SALT LAKE CITY -- An effort by a local lawmaker to open access to police and military shooting ranges has run into a delay for the second time in a Senate committee.
The legislation being run by Sen. Allen Christensen, R-North Ogden, would allow groups to access ranges currently used only by law enforcement or the military.
The measure, SB 107, addresses only ranges built with public funds.
The bill was stalled in committee Thursday after 40 minutes of testimony and will be brought for reconsideration next week.
Christensen vowed to work with local lawmakers and groups who oppose the bill to come up with a workable measure.
It is the second bill this session dealing with shooting ranges that has run into a delay.
A bill being run by Sen. Margaret Dayton, R-Orem, limiting access to target shooting on public lands during times of high fire danger, also faces opposition and is waiting for further review by the Senate.
Originally scheduled for hearing weeks ago, the bill on police and military shooting ranges was pulled by Christensen for further consideration. He brought back a modified bill that allows groups, not individuals, access to target ranges. The groups would be required to make a reservation and include a certified range instructor.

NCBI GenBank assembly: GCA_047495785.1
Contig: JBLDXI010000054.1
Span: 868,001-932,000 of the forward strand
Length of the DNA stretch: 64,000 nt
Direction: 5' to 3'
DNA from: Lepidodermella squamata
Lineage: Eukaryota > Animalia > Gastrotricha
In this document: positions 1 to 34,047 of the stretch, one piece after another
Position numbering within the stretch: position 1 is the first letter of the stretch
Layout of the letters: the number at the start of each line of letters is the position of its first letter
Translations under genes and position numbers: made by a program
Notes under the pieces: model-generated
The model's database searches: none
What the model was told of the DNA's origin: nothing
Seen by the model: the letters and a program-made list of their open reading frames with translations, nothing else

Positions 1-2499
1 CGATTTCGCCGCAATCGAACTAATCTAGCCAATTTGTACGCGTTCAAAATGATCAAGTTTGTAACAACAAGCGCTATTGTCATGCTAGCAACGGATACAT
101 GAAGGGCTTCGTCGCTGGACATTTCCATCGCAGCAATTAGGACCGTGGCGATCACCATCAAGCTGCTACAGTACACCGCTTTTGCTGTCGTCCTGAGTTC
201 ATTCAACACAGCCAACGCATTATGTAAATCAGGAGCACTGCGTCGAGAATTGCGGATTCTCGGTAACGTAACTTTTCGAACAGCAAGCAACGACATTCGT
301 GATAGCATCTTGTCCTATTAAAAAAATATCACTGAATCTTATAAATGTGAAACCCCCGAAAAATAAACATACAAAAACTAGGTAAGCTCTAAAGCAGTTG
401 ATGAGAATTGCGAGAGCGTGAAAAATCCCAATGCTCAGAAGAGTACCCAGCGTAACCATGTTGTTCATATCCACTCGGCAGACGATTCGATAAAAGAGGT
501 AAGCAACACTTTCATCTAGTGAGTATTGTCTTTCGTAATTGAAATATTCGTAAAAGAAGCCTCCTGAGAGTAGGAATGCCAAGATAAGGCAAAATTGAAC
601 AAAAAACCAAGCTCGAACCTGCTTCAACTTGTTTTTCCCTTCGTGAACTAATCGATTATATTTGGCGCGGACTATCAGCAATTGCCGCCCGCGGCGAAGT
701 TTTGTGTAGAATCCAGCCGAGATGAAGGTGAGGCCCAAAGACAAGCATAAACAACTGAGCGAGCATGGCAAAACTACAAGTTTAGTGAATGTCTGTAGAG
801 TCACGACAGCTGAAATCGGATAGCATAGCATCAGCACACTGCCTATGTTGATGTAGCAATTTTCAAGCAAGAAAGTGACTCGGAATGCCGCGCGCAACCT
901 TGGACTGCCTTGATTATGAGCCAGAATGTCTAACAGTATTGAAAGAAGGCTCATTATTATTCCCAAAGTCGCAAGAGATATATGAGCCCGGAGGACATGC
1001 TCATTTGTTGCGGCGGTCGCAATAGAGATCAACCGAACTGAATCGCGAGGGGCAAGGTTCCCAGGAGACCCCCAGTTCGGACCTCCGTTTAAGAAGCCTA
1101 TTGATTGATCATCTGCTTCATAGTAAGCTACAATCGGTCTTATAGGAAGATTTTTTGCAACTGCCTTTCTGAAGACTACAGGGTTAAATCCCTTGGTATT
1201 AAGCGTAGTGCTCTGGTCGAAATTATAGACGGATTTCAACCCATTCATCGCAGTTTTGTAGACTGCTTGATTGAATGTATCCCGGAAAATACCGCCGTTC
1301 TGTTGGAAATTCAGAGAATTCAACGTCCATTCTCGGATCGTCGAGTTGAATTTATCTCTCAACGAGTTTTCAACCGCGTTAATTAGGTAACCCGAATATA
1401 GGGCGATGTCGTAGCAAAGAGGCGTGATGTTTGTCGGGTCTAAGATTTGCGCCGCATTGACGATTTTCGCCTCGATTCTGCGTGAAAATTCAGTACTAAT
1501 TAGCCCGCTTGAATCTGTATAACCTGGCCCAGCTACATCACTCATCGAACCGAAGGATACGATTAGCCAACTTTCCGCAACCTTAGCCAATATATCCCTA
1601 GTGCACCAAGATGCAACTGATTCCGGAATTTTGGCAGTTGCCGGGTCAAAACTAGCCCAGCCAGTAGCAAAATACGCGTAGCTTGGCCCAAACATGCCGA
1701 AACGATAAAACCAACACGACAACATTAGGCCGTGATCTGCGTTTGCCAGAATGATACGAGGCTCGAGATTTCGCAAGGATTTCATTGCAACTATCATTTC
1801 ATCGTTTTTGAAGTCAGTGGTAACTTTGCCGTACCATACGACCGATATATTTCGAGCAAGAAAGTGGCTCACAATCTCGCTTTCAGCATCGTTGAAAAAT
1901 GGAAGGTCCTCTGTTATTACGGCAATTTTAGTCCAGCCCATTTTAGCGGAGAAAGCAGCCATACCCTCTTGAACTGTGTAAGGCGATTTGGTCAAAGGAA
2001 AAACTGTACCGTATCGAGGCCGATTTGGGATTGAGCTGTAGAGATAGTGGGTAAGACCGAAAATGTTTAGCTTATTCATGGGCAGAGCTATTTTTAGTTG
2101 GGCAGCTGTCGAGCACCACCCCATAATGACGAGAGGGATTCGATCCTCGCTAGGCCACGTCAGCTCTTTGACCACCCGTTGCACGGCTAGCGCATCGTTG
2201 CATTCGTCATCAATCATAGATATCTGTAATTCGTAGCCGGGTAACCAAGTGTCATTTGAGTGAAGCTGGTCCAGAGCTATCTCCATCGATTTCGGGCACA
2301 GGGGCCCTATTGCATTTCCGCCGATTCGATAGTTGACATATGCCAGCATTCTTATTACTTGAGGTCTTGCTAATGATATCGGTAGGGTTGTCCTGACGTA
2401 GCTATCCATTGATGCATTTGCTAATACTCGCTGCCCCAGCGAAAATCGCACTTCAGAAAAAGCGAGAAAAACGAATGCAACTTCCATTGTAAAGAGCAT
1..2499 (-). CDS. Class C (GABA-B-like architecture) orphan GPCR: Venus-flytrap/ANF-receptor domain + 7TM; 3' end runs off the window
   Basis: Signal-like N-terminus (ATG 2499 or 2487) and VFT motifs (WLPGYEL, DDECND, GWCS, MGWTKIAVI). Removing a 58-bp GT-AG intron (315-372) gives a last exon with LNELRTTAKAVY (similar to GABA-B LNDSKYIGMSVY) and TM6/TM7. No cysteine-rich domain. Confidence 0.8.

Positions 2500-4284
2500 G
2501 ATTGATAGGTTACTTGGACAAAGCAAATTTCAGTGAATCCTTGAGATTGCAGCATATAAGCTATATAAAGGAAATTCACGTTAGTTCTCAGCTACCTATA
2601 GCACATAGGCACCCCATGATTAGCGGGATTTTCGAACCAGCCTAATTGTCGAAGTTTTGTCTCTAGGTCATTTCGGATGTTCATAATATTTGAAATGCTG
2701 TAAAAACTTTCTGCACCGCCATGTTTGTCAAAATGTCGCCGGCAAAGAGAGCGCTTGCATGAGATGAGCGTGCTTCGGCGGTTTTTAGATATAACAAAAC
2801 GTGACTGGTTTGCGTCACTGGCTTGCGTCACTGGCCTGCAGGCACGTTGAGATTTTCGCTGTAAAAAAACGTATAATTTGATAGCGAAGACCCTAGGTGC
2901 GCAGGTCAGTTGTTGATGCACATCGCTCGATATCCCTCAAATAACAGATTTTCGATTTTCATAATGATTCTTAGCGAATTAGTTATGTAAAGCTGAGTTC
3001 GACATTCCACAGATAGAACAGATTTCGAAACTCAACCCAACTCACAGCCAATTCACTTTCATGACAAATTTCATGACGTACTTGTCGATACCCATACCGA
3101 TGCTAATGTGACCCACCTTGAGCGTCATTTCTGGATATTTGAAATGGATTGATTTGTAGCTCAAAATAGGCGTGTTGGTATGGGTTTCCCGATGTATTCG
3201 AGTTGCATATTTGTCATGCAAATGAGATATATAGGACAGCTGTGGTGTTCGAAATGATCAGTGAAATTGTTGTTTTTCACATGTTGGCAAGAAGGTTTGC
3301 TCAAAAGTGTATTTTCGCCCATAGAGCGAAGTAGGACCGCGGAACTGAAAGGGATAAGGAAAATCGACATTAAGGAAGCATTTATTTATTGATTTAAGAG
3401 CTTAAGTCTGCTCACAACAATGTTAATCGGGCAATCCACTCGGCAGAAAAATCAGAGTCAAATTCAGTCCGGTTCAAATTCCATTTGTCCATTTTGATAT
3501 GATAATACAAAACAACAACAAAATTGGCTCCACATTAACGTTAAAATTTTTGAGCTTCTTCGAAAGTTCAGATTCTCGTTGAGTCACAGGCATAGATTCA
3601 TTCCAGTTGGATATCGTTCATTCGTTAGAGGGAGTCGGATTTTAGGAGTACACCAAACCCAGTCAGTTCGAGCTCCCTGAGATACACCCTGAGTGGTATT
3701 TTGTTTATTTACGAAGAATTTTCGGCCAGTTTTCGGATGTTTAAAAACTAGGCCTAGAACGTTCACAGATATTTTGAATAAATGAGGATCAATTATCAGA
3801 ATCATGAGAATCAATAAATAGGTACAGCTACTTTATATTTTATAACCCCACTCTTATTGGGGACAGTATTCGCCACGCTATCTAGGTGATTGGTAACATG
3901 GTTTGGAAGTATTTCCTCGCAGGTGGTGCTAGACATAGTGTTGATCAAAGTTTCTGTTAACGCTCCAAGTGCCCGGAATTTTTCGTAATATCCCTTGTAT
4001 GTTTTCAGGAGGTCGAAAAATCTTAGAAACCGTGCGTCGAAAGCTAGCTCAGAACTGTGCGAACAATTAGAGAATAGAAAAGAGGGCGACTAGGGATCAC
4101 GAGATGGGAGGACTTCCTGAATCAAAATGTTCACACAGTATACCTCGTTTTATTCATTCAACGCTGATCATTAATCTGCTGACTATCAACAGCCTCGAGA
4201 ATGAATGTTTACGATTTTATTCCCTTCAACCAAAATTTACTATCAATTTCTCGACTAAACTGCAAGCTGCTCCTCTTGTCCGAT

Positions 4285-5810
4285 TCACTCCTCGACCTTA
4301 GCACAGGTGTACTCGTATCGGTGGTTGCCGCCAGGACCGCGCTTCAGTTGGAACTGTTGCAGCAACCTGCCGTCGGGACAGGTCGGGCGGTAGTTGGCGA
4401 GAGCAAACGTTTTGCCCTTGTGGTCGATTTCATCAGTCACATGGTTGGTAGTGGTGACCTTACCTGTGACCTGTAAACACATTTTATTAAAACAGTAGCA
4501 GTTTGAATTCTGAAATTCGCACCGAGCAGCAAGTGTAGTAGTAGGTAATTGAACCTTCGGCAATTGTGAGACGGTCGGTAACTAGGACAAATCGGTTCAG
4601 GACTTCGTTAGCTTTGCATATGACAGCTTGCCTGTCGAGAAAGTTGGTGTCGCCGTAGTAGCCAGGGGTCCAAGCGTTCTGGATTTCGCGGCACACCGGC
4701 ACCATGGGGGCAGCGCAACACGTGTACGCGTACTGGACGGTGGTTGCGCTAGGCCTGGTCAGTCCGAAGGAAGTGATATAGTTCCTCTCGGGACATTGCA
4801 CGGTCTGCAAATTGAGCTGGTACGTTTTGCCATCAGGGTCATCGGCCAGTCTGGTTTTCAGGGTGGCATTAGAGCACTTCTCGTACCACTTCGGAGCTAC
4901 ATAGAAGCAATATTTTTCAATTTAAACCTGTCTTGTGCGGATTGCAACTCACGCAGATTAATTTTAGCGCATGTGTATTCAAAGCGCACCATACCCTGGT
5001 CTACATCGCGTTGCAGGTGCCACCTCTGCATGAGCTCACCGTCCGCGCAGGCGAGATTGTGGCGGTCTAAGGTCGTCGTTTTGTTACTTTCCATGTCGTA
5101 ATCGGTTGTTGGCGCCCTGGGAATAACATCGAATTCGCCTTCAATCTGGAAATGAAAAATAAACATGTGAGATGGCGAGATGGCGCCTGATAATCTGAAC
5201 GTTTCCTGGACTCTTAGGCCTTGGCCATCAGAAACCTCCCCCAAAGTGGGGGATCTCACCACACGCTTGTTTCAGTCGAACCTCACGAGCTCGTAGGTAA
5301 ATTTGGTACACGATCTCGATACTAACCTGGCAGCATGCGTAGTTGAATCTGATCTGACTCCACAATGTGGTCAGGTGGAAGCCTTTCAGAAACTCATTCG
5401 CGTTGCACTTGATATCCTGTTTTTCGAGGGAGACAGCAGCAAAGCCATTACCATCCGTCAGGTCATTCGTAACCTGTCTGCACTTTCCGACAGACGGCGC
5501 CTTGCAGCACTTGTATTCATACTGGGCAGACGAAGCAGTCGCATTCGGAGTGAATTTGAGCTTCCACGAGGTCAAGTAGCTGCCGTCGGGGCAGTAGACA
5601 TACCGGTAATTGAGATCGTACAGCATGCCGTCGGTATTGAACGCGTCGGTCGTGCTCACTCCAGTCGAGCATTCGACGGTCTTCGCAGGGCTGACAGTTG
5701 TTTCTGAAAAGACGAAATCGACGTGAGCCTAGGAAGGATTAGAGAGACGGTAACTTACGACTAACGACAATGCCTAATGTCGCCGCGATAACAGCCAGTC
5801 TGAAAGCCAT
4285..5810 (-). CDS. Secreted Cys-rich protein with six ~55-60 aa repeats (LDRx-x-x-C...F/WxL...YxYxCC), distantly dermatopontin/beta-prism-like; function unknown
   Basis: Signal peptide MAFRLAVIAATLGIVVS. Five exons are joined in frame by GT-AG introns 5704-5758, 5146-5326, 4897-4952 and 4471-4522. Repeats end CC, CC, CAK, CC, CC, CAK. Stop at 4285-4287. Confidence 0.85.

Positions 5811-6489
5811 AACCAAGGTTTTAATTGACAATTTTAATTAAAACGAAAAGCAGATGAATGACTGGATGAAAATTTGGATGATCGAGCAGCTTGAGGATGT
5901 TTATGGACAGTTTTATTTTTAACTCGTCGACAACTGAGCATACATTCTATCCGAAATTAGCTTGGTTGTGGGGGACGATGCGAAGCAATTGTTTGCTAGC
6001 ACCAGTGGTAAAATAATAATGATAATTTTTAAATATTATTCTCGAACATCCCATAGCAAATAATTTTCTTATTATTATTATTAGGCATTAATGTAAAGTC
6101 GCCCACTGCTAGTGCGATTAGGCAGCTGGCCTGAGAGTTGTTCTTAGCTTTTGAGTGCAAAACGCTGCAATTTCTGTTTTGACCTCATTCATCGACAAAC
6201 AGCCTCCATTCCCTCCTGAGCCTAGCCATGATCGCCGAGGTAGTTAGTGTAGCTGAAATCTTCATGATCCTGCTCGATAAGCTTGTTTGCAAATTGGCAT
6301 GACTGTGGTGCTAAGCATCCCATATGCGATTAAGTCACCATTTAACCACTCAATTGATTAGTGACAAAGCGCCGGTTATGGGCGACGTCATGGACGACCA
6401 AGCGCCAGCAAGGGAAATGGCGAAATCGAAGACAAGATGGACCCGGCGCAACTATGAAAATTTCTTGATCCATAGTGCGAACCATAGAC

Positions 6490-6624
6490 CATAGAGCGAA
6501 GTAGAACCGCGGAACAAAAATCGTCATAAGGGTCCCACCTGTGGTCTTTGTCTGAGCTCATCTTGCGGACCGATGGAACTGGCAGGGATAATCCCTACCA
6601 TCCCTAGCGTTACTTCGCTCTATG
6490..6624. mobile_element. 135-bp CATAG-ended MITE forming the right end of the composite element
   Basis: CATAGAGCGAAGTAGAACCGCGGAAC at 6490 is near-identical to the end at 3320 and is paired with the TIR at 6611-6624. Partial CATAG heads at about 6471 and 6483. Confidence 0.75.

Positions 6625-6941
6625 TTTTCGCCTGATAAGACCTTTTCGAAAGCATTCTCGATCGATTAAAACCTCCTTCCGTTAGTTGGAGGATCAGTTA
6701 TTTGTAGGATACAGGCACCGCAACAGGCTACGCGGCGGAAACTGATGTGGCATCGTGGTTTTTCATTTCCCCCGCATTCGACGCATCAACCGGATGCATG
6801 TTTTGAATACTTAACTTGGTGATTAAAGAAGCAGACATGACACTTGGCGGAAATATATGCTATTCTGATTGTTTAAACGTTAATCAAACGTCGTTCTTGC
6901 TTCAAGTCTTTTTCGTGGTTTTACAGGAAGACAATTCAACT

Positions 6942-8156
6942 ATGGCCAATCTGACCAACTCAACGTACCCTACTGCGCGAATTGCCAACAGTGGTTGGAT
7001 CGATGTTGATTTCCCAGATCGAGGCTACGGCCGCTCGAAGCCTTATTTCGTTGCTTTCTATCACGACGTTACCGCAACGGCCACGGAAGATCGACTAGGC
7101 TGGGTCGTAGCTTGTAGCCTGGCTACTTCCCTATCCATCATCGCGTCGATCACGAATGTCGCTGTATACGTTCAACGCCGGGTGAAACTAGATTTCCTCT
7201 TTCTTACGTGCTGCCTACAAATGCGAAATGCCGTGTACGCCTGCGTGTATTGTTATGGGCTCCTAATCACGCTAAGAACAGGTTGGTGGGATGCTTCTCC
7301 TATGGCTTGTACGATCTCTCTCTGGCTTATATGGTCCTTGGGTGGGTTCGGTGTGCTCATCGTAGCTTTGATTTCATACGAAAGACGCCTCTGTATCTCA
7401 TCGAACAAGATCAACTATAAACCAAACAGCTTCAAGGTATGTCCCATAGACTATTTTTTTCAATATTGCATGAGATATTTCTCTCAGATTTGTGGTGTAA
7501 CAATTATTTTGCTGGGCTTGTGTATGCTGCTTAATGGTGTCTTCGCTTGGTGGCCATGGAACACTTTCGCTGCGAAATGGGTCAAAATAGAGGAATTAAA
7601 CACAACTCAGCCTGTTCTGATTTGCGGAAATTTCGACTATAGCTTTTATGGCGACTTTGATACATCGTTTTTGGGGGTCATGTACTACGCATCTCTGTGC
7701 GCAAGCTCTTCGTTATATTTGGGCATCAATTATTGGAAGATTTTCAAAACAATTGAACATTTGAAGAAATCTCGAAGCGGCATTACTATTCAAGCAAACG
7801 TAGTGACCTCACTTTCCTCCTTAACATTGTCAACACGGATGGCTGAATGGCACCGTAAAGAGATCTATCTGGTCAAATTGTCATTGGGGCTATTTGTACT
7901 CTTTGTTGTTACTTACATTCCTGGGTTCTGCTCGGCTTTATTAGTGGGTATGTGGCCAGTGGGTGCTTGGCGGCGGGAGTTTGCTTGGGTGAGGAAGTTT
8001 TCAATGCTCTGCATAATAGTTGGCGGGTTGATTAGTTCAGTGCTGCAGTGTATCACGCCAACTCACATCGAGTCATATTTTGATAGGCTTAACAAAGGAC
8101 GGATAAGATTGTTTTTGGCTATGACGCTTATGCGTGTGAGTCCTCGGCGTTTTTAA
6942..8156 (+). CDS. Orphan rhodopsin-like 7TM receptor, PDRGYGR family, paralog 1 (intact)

Rosalyn Rainey, of the Unified Police Federation, argued police ranges should not be opened to the general public. She said access to an indoor range in Salt Lake City would be difficult because officers need access to the range 24/7.
"Our range exists for our officers," Rainey said.
Sen. Mark Madsen, R-Lehi, took Rainey's testimony to task.
"Who pays for the facility? Who do the police work for?" he said.
Matt Price, of the Utah National Guard, also opposed the idea of opening military gun ranges to the public. He cited concerns with liability and asked the committee to seek advice from the Attorney General's Office on how federal lands can be used.
Christensen has said not enough ranges are accessible to the public, especially in the winter.
Sen. Todd Weiler, R-Woods Cross, said he hopes the bill will be modified to specify how many hours a publicly owned range can be accessed.
He also asked for a provision where law enforcement could potentially reserve access to some public facilities and specify the reasons.